The chances are most people don’t notice typefaces and other elements of design in a book; in fact, very often, the fact that they don’t notice shows that the design is working – books are for reading, and nothing should impede that. A beautiful, readable book is the aim here.
Despite this, typefaces do matter and what you choose for your book will speak volumes about you and your intentions for your book.
The main decision is whether to go for a serif (those with the curly bits – for example the well known Times New Roman) or sans serif (Arial, for example) typeface. Some people might choose a sans serif typeface, thinking it looks more modern, particularly because it is ubiquitous on the web.
But books are usually long and the overarching aim when choosing a typeface is to ensure that your book is readable and a pleasurable experience; you do not want someone abandoning your book because it is too challenging an experience just to read the words. Serif typefaces help to flow the text more, making it easier to read – your eye naturally moves along to the next letter or word. Sans serifs tend to be used more for headlines and sub-headings because they stand out more and are usually taller.
Typefaces in books
Typefaces used in book printing are generally not the same as those chosen for websites or other shorter material. This stands to reason: a typeface that looks good on a huge poster is unlikely to be the one that works for small print over 100,000 words and hundreds of pages. Bear this in mind if you are looking at your manuscript on the screen, thinking that it looks very readable in the sans serif font.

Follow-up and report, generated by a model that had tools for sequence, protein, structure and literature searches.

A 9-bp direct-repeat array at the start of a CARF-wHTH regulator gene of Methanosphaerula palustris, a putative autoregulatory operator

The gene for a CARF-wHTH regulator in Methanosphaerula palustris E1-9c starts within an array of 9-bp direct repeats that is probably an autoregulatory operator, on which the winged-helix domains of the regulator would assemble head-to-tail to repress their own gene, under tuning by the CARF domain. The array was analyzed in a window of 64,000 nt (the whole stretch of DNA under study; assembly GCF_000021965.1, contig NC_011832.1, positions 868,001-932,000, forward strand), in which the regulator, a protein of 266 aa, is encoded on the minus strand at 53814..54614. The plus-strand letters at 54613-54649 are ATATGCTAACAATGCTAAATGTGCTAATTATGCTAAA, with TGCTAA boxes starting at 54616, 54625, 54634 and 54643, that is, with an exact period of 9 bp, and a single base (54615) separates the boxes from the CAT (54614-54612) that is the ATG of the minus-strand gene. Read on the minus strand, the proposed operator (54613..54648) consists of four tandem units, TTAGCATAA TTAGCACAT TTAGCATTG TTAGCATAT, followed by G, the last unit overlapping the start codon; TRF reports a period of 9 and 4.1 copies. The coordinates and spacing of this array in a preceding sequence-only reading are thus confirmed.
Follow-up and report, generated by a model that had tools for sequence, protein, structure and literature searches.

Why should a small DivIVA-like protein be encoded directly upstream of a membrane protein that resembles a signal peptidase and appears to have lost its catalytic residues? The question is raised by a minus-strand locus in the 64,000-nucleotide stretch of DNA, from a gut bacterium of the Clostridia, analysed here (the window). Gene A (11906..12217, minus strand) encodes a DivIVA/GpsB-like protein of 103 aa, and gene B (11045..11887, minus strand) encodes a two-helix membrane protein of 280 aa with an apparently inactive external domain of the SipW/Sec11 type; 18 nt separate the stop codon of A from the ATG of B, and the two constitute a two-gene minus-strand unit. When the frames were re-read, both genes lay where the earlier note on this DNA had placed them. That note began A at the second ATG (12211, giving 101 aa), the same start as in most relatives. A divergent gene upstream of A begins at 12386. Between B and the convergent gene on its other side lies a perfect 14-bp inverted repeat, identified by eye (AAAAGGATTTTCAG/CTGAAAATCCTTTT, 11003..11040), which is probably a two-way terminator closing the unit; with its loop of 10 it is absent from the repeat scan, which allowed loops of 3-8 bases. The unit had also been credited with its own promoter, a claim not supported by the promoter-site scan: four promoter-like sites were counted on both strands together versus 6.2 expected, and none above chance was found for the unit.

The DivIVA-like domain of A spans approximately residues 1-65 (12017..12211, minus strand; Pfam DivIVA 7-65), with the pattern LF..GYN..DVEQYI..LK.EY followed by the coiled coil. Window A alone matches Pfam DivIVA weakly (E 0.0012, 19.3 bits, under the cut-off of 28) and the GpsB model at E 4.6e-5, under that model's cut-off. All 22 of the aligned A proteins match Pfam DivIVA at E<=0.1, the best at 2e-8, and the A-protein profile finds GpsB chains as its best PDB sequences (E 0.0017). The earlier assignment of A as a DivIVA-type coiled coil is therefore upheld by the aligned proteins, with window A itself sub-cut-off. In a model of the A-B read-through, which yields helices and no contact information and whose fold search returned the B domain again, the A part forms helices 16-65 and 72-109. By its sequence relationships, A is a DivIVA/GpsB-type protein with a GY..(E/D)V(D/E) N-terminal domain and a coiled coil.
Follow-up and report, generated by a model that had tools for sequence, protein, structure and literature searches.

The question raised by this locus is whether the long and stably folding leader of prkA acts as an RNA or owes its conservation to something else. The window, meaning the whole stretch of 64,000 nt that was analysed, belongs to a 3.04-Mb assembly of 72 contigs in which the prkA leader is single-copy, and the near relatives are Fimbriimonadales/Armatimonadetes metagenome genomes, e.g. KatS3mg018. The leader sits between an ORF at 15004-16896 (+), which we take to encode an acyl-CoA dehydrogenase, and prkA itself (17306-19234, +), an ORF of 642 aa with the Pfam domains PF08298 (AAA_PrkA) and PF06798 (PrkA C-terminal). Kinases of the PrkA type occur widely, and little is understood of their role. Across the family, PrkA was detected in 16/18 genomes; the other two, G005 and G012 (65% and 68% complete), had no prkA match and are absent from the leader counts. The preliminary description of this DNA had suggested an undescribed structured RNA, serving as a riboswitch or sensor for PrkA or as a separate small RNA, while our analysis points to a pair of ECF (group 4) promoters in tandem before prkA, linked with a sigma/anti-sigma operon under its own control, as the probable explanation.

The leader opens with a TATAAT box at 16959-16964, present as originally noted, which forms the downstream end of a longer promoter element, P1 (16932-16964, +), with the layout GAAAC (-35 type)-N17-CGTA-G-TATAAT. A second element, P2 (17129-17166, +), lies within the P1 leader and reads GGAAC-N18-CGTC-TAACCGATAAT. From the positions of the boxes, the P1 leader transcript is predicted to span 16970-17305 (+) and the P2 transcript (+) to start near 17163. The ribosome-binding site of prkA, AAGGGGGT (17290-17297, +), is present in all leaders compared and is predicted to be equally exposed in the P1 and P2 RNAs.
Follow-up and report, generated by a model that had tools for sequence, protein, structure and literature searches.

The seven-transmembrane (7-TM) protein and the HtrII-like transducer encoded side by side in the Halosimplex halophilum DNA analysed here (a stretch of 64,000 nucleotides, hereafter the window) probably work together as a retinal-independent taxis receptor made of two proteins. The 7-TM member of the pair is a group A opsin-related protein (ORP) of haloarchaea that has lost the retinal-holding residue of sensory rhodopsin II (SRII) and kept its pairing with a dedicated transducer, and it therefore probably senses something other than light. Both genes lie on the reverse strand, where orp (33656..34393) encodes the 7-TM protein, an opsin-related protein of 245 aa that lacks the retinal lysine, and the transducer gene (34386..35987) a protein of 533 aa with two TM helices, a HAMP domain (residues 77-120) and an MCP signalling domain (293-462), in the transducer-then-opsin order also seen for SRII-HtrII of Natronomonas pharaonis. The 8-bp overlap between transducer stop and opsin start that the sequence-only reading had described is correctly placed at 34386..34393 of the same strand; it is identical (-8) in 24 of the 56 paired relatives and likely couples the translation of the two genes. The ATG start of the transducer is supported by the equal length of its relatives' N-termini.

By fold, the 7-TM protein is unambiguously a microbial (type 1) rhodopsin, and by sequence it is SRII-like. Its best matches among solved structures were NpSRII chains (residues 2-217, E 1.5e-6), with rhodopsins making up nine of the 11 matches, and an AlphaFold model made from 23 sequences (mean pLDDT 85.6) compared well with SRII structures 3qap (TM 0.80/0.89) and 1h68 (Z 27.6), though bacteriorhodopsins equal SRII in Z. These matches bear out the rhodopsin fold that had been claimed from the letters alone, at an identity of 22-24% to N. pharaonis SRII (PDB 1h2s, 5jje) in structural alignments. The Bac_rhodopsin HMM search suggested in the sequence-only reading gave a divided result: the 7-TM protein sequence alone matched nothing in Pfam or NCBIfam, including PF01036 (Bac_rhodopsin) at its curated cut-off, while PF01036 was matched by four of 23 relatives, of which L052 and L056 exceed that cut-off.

Another rule is to try not to mix lots of typefaces – no more than two because any more is distracting – unless of course differentiation is the aim – switching between periods, designating a different style, say letter writing etc.
Some popular typeface choices for books include Garamond, Sabon, Minion, Antiqua, Scala, Bembo and Palatino.
Whilst you may like a particular typeface (or even more randomly like the name – yes, some people have chosen on this basis!), it may well not be the most appropriate. Let your book designer guide you – they have a wealth of experience.
They will also understand and be able to guide you on all the other elements of what contributes to good book design, including layout on a page, headings, ligatures, the space between the letters, the degree of contrast in the letters’ strokes, the amount of white space inside each letter and the x-height (generally it works best when the ratio of the central vertical area of lowercase letters – the height of the letter x, for example – is large compared to the length of the ascenders and descenders).
Illustrations may also be an integral part of your book, and of course a good cover will help sell your book, make it look professional and communicate what the book is about.